It’s hard to believe that Black Futures is just two people with the trippy names of Space and Vibes. They released their first single in September 2017 Karma Ya Dig? a slice of industrial space-age metal sounding like a cross between the Chemical Brothers and MGMT. They honed their skills writing with The Prodigy and producing Idles. Since their first landing to earth the spacers have released several singles most of which have ended up on their newly released album Never Not Nothing. The album title meaning “..absolutely nothing but absolutely everything at the same time”, say the band. “It’s all-encompassing; infinite nothingness.”
The album starts with an electronic 80s sounding introduction of Never Not Nothing before delving into Love and the gritty vocals of “Ten minutes to the end of the world, right now, right now”. It’s harsh techno-rave, in your face and it’s evocative of a futuristic (or maybe not so futuristic) dystopic world where systems are failing and panic abounds.
Me.TV recalls the melody of Spread Your Love by BRMC. Its words are inspiring as it suggests you “Turn down your Me.TV and turn up for your community”. It’s coarse with a riotous thumping bass. It’s got a wicked voiceover from Bobby Gillespie of Primal Scream as he sardonically states “…..so funk of deep proportions. You were born into it and it’s all you’ve ever known. Everybody against everybody else, that’s your mentality and we know where that leads to.” Anarchic and inspiring.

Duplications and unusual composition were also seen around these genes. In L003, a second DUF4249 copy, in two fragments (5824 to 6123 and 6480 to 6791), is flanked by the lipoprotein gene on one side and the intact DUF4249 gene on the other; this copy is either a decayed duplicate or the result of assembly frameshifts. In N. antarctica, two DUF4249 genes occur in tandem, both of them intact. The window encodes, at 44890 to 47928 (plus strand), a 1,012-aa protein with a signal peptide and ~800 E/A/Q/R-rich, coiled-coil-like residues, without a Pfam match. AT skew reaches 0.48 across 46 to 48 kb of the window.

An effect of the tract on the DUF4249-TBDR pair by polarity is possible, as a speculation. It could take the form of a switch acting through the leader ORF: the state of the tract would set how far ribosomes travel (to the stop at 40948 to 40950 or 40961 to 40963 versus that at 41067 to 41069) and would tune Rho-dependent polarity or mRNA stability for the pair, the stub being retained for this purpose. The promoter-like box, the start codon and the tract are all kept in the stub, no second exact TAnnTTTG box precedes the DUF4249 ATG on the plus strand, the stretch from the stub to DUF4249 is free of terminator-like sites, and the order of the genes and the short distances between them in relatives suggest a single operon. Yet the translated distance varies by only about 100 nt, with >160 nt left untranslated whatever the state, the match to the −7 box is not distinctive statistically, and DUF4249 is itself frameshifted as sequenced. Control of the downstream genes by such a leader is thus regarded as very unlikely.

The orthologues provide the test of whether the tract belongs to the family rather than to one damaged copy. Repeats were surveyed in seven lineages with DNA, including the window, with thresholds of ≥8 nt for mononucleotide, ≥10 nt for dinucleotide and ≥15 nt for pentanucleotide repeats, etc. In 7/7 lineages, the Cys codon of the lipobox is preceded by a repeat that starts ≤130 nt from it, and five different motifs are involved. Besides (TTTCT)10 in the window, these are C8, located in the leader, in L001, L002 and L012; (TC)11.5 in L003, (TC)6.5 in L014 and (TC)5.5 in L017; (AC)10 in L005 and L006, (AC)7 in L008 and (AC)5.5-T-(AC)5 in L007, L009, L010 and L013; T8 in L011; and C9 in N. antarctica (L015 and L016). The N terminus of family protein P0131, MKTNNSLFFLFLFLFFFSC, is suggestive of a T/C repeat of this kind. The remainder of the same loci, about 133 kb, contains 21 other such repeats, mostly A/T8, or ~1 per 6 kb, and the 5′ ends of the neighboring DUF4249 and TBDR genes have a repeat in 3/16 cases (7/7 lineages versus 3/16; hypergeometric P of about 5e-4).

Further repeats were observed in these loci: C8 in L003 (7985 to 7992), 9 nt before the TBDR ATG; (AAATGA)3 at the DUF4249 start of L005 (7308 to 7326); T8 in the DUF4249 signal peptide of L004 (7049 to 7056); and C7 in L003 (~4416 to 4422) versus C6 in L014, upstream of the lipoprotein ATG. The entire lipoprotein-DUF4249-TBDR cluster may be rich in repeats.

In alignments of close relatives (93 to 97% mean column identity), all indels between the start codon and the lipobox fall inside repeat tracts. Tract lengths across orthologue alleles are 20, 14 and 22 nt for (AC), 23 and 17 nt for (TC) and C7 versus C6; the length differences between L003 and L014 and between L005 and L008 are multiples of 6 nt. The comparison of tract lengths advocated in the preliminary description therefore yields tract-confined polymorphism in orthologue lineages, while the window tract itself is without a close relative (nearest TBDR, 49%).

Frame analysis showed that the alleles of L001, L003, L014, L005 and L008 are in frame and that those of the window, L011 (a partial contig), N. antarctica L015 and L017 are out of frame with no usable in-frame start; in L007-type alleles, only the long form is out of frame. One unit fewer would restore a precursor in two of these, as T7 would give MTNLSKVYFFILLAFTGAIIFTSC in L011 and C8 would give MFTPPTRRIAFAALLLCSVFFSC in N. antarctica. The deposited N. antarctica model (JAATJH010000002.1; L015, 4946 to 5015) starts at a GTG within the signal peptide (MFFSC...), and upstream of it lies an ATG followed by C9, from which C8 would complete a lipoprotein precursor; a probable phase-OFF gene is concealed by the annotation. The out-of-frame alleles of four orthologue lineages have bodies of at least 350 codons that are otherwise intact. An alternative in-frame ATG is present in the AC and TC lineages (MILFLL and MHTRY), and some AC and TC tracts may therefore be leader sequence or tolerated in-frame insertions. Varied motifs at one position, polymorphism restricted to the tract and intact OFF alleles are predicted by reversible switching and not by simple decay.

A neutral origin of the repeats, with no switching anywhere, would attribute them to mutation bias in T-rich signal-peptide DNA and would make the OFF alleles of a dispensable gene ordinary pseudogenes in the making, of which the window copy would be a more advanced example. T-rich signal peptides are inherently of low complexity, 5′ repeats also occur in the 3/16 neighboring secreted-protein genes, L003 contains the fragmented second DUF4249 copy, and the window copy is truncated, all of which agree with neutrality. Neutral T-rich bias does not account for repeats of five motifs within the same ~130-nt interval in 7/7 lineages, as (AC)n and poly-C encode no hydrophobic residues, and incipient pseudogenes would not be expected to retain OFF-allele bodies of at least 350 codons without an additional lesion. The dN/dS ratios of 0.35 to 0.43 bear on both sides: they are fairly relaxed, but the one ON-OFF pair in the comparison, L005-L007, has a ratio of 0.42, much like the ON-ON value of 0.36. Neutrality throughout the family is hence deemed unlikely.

Body and Soul starts with a thumping drum beat and crunchy melody before changing tempo midway and colliding a layer of chaotic sound that would give The Prodigy and Chemical Brothers a run for their money. Then, just as quick it slips back into the melody before building back up to a tumultuous raving beat again.
The tempo next cools down (only slightly) for Youthman with its perceptive, razor-sharp lyrics. “Are you gonna blame it on the Youthman…… Running from a war you didn’t choose, man.” Other stand-out tracks include Trance and Riches. Tunnel Vision is an electrifying psychedelic rock invasion. The video is worth a look too. The album closes with the ironic Power Drunk and its satirical lyrics: “Black Futures, you’d better get used to them.”
This is an album you can’t miss. In a world of more and more political and environmental uncertainty, where curating your life has become the norm this is a call-to-arms for the now generation.